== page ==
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Top Retail Brands

Real-time players

Back-end logistic for retail gets easier.

Tags: Kronos

BY Aadeetya Sriram  |  February 02, 2012  |  comments ( 1 )  | 
Real-time players
James Thomas

Back-end logistics has always been considered a major challenge in India. This is where the likes of Kronos enable retailers to function efficiently with their expertise in real-time operations. James Thomas, Country Head, Kronos India, elaborates on the varied technicalities of the brand’s profile and highlights the deficiencies in the country.

 

Aadeetya Sriram (AS): What is the brand all about? Tell us about your range of products and services.

James Thomas (JT): Kronos is a global leader in the area of workforce management, which is all about how we are enabling organisations to manage their workforces better. Today, as a thought leader, we are transforming the way you need to look at employees, the way you engage and manage them, as this has a significant revenue and profitability impact on your business operations. When you look at the operational side of managing people every day for a retailer, you have the aspect of three or four dimensions coming into play. One is the time-dimension in terms of people coming to work for certain periods of time, for which they get paid. Kronos assesses if you are being just in the pay that you provide and if you have enough visibility around your people to ensure that you are minimising your complaints. Whether it is statutory aspects around labour laws or it is your own organisation rules and guidelines that employees need to follow is what Kronos does the world over.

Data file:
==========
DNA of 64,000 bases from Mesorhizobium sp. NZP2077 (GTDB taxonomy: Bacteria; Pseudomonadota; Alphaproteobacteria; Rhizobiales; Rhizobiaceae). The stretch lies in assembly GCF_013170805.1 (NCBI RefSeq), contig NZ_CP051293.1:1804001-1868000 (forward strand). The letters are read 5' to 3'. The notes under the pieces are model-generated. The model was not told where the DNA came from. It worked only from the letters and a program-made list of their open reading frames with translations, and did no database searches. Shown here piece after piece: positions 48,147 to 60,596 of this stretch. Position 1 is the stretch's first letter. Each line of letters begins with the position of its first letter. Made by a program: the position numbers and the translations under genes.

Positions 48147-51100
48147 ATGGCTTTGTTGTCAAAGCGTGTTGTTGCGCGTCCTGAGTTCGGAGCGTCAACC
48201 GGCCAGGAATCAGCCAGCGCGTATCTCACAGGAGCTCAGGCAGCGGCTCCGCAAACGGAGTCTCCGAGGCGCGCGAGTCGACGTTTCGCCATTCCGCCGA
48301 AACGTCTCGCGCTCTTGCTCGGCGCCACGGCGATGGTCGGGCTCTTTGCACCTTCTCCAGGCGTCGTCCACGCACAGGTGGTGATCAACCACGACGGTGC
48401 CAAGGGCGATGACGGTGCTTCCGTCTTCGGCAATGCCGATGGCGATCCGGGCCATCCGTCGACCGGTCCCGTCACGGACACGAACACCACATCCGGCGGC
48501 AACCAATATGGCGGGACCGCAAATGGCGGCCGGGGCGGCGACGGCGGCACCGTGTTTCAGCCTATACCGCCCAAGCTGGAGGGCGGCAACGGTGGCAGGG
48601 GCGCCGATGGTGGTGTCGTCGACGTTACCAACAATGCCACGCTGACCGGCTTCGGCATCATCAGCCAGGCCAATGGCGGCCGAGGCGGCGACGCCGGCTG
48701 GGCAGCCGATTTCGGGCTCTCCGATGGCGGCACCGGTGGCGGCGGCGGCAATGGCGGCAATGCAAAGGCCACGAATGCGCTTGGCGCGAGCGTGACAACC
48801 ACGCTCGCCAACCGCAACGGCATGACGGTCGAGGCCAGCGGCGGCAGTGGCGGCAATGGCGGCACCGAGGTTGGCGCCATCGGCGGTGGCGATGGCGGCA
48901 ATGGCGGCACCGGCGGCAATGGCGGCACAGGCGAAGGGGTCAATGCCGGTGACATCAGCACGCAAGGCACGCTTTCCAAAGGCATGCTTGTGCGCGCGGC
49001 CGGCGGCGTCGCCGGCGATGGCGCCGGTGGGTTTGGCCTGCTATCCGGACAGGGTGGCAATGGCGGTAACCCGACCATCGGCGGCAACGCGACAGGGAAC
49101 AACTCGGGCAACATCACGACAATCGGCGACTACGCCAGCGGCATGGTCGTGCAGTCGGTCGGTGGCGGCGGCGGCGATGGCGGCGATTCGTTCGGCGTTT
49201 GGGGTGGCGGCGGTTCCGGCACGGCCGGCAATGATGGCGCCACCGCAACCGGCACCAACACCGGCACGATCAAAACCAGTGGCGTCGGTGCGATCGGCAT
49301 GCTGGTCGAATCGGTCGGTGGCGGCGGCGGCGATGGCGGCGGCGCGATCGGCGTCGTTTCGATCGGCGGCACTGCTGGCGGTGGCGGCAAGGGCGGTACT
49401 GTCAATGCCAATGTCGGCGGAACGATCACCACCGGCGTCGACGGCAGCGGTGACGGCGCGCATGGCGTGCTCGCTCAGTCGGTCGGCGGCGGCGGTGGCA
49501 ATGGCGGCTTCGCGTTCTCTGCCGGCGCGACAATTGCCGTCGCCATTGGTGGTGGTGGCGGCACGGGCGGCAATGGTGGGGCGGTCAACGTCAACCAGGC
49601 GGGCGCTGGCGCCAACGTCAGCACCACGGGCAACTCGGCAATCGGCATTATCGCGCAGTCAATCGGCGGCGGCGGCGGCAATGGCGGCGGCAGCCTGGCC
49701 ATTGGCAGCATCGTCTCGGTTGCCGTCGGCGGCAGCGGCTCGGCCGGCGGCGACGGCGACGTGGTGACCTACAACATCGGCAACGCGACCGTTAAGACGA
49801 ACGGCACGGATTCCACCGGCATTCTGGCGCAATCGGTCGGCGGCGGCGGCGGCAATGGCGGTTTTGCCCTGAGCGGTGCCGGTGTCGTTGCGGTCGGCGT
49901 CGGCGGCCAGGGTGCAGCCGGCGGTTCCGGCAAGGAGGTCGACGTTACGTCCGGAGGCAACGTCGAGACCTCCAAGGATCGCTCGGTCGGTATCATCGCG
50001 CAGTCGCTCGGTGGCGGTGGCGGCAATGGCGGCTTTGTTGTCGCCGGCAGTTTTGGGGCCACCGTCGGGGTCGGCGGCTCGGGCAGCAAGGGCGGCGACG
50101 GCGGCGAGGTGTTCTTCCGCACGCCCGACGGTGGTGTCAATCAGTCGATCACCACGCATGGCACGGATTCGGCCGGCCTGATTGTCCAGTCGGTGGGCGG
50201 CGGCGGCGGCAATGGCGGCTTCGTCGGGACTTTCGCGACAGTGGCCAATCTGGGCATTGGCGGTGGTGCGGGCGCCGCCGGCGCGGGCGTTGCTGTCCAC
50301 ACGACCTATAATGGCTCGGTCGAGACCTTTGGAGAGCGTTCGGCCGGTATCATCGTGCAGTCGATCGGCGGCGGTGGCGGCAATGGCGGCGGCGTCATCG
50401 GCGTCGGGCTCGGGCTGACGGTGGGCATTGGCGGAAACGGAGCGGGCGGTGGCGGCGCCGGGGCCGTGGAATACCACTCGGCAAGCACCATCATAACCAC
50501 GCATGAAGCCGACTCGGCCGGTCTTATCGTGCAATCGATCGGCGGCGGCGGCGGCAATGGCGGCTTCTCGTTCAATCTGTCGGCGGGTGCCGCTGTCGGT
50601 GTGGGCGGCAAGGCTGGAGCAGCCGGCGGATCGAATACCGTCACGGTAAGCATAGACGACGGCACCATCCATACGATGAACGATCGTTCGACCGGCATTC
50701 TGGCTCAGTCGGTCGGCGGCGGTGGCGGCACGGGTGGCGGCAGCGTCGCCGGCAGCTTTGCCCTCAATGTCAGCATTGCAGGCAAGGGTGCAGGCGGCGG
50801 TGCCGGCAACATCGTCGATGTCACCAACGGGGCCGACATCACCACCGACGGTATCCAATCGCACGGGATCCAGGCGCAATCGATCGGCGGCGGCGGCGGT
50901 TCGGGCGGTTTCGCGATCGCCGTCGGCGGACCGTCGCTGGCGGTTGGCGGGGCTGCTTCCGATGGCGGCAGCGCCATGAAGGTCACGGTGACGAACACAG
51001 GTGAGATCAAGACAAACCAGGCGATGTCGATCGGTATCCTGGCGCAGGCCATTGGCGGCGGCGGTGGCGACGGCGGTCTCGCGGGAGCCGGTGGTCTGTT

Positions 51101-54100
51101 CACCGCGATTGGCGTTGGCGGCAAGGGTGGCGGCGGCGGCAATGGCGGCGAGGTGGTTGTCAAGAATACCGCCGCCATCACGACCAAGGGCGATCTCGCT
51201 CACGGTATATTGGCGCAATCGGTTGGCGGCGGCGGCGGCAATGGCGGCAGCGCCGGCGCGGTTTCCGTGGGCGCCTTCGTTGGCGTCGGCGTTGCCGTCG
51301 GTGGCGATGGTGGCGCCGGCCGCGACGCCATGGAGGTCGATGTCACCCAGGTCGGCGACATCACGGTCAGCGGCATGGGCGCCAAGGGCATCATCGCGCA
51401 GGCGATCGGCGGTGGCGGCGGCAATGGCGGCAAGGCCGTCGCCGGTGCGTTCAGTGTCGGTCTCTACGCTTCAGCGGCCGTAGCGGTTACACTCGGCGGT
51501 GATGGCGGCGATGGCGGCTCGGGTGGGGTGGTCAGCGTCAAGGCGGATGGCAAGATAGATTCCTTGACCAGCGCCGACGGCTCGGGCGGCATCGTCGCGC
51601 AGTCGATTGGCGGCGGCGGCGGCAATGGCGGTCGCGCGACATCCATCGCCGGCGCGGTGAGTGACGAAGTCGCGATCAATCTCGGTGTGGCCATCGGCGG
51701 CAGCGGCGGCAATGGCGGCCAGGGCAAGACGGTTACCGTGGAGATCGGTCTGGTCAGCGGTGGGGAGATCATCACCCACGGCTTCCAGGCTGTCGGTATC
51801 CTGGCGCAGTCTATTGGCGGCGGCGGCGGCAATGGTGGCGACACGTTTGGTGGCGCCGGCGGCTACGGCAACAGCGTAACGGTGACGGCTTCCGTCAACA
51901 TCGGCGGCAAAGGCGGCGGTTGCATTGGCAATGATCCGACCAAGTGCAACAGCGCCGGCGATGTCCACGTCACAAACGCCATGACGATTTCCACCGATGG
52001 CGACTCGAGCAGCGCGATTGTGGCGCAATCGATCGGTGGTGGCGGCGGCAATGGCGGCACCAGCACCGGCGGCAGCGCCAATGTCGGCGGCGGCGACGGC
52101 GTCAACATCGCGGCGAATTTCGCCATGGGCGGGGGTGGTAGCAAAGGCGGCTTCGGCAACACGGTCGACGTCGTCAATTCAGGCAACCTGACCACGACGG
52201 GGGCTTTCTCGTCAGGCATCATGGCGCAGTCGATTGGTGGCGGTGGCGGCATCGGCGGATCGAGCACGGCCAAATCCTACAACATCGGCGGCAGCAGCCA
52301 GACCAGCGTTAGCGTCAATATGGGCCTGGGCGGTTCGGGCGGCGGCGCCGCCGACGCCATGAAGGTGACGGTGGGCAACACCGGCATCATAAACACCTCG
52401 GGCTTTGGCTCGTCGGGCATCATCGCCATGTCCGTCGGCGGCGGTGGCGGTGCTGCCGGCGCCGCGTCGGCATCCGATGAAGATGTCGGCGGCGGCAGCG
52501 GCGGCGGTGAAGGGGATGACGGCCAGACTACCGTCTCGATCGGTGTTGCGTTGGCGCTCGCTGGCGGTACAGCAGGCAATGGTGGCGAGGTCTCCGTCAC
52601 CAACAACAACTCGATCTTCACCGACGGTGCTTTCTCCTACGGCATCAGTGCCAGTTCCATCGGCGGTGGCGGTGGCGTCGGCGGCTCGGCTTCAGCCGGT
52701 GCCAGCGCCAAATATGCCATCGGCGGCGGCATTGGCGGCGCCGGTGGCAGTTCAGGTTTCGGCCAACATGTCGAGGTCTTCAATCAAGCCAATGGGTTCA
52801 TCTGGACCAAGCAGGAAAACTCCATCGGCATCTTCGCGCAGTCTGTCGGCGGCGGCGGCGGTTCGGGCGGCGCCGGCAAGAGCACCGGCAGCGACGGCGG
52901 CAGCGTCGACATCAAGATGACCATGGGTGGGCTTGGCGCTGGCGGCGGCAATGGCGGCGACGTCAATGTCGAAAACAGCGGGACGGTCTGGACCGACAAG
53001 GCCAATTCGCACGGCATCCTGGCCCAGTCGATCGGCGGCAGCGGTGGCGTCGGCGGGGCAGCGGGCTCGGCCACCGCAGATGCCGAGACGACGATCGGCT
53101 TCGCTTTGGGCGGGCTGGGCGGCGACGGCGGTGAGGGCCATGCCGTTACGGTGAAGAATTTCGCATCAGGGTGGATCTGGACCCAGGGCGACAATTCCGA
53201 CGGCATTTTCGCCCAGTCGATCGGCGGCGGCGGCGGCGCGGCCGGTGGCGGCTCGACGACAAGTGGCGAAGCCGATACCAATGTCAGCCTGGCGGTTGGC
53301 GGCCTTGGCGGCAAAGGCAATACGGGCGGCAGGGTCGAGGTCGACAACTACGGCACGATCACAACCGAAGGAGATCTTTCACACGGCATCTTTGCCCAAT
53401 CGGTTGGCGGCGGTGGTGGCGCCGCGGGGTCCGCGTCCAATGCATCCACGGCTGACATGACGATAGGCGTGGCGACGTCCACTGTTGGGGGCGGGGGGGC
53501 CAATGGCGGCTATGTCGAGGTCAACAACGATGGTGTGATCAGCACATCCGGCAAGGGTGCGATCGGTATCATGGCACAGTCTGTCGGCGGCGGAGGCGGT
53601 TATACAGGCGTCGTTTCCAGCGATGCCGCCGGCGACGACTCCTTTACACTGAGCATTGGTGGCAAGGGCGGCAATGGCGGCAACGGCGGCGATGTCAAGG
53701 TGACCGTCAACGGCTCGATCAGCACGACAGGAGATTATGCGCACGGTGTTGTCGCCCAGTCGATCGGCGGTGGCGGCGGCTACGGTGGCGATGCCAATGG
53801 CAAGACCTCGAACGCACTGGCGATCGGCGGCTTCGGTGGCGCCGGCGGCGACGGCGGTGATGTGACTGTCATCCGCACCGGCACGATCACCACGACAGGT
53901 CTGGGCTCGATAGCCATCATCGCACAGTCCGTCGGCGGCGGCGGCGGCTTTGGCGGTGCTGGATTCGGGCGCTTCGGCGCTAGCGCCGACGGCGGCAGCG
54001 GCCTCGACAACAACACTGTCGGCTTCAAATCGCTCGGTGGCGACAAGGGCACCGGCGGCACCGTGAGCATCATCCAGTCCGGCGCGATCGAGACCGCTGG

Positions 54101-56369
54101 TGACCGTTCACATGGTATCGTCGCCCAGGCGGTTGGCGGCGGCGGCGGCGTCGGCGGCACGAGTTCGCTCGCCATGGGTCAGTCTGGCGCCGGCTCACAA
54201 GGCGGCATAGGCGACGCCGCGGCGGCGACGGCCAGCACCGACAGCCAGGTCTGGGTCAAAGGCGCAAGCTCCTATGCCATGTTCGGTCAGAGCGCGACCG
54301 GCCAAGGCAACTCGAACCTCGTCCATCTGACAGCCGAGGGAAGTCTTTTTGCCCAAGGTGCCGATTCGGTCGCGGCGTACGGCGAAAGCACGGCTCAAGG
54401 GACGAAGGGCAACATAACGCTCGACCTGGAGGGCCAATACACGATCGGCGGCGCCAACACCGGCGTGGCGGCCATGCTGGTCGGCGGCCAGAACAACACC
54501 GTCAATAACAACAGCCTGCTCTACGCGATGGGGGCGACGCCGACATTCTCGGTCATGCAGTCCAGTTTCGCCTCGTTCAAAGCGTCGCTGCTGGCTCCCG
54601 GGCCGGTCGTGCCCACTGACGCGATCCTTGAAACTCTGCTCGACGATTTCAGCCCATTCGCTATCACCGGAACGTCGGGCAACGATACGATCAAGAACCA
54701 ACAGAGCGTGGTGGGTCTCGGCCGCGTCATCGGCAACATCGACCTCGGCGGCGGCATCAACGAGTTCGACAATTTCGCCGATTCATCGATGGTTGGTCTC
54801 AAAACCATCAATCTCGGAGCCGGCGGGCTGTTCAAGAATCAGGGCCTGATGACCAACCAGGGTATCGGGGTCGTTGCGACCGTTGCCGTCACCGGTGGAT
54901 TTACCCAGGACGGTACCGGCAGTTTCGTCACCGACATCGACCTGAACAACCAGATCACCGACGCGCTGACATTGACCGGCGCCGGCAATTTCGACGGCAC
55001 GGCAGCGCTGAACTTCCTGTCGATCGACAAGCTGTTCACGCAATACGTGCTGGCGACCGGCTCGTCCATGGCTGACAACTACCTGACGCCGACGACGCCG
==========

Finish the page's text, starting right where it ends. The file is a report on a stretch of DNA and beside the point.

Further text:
AS: Which sectors in particular are you catering to? Which ones form the crux of your product philosophy?

JT: We have something like 626 of the Fortune 1000. Retail is a huge vertical for us, which contributes to almost 25 per cent of our global revenue and there are specific reasons why a vertical like retail has a significant bearing in real time on what people mean in the stores for your business revenues and profitability. If you look at how you increase an average transaction size in a store or how you increase conversion rate in a store, this can happen by making the customer meet the right store person, who knows that a customer, who has come to buy a shirt, may be interested in a trouser, too. So, if there is connect in this regard, the conversion rate is bound to increase. Kronos works with retailers on a daily basis so that they prevent over-scheduling and under-scheduling of manpower inside a store, which is a huge challenge in India. This can actually work for around 20-30 per cent in change, when it comes to customer satisfaction, or almost 30-50 per cent reduction in overtime. In terms of clients, there are 4-5 major sectors that we focus on. The more complex the workforce gets, the better our services will enable them to work. We cater to healthcare, retail, manufacturing, services and distribution and public sector. If you look at our global share around these verticals, we get about 75 per cent of our revenues from the first three, ie manufacturing, retail and healthcare. With retail, we command around 60-70 per cent in the US market. In emerging markets, we are starting to see signs of workforce management becoming very relevant to economies and they look at automating this aspect or even areas like scheduling. In India, we have found tremendous traction in retail, manufacturing, services and distribution, while healthcare is very relevant. The IT spend in India is still a sunrise sector.